When the Death Wish remake starring Bruce Willis came out last year, I said there was “no good time for a movie like Death Wish”, a movie about a white man using vigilante violence against minority communities. You know what is a movie like Death Wish? Rambo. Specifically, Rambos 2-4. First Blood, the first Rambo movie, is okay. It’s about the trauma of Vietnam, and features John Rambo (Sylvester Stallone) fighting a corrupt police force on US soil. There is only one death in First Blood, and it’s accidental at that. But people didn’t really take the anti-war message from First Blood, they just liked the parts with Sylvester Stallone trapping people in the woods, so the next Rambo movie dropped Stallone into a jungle to fight the Vietnamese and their Soviet allies, and the Rambo franchise quickly became a psychotic Cold War death fantasy. After First Blood, the Rambo movies are racist, jingoistic, colonialist, imperialist, and, ironically for a franchise that started with a pacifist message, pro-war. It’s not a great franchise.
Guess what? It’s back! Rambo: Last Blood has a teaser trailer, showing John Rambo taking on what appears to be a Mexican cartel. OH GREAT, THIS AGAIN. The best part about this teaser is Rambo’s cool horse. The second-best part is “Old Town Road”. The rest of it can get f-cked, we do NOT need movies like this, and John Rambo belongs in the past. This is not a character that updates well, just like Death Wish. But Sarah, how can you praise John Wick and bag on Rambo? Action movies like John Wick work because the fantasy is not about superiority and subjugation, the fantasy of John Wick is the action itself. It’s set in a heightened world we almost but don’t quite recognize, with just enough separation to divorce it from our reality. We know, intellectually, that John Wick can never be real, so it gives us the emotional freedom to enjoy the mayhem (same principle applies to Looney Tunes).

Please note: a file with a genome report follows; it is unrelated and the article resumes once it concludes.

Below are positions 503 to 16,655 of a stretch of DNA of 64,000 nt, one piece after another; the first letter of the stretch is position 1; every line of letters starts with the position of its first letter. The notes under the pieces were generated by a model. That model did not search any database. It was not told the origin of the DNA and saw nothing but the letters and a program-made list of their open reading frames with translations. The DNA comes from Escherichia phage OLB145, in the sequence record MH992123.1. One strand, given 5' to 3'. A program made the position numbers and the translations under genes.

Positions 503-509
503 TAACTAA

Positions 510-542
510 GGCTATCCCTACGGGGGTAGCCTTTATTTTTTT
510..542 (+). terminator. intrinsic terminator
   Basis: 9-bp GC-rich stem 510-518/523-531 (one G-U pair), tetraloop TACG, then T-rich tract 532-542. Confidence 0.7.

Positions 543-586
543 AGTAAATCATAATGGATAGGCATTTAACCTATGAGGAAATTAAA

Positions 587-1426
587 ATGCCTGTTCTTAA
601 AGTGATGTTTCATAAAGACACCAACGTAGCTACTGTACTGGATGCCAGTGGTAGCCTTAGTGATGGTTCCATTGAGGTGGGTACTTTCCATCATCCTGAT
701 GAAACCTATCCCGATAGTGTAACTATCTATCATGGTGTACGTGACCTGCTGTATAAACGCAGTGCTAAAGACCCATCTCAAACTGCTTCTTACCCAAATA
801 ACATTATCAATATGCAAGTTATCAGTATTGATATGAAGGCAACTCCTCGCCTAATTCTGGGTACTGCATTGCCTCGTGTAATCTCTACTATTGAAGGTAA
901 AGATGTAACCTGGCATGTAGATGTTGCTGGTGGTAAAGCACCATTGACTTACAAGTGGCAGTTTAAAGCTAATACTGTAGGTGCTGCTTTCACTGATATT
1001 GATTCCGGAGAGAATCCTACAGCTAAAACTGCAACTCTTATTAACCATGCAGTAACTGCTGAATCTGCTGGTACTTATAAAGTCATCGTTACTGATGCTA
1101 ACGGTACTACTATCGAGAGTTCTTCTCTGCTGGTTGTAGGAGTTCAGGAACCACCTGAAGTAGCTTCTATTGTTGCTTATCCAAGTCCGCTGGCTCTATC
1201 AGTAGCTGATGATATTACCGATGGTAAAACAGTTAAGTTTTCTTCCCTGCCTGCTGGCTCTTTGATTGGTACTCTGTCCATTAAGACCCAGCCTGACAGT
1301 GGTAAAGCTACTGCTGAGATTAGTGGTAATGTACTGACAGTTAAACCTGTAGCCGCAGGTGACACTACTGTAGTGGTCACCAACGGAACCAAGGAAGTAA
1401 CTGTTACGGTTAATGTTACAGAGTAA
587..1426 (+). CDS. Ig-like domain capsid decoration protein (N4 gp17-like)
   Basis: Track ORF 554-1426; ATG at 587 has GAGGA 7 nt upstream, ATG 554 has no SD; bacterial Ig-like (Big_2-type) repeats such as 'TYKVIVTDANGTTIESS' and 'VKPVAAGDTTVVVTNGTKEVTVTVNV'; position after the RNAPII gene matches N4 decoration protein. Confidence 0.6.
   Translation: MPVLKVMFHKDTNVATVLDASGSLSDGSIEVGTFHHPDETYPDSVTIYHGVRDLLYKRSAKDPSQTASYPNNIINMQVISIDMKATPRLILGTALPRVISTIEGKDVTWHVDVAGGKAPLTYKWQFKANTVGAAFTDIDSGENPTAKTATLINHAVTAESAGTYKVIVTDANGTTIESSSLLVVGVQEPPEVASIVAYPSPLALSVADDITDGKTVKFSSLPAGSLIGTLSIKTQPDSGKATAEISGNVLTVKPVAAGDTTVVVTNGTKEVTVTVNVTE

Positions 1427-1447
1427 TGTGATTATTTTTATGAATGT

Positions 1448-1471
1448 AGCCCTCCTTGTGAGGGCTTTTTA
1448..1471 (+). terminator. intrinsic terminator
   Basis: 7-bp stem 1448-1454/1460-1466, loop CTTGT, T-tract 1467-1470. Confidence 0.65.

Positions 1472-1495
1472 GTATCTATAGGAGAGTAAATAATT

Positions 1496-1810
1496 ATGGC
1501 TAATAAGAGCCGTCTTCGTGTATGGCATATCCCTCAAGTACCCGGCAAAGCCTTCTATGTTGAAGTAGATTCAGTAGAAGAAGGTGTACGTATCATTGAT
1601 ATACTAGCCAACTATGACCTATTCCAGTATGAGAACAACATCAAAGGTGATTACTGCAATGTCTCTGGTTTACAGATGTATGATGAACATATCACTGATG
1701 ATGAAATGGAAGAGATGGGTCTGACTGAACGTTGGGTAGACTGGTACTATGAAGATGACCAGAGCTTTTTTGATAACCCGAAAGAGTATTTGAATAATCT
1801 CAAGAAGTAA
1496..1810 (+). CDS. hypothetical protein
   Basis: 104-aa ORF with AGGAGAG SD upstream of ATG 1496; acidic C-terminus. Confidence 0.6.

But Rambo is our world. John Rambo is the veteran of a real war (John Wick Chapter 3 suggests that John Wick comes from a superhero-esque training house), with a real veteran’s problems. At least in the first movie, he struggles with PTSD. He has a friend who passes away from cancer triggered by Agent Orange, a real problem afflicting thousands of Vietnam veterans by the 1980s. He is traumatized in a very real and recognizable way, and the corrupt cops he fights are also recognizable, literally and metaphorically, as stand-ins for the failure of the US government to properly care for its veterans. In the later movies, Rambo takes on a proxy for the Cold War, fighting real US enemies. There is no fantasy to Rambo, it’s just indulging in a murderous catharsis, feeding an imperialist desire for subjugation. Rambo became ugly, and we do not need this brand of ugliness in 2019 at the movies, not when we have it in real life. I understand the era of Big IP is driving these franchise revivals, but filmmakers and studios need to understand that movies like Rambo have no place in the present. Rambo belongs in the past. It should have stayed there.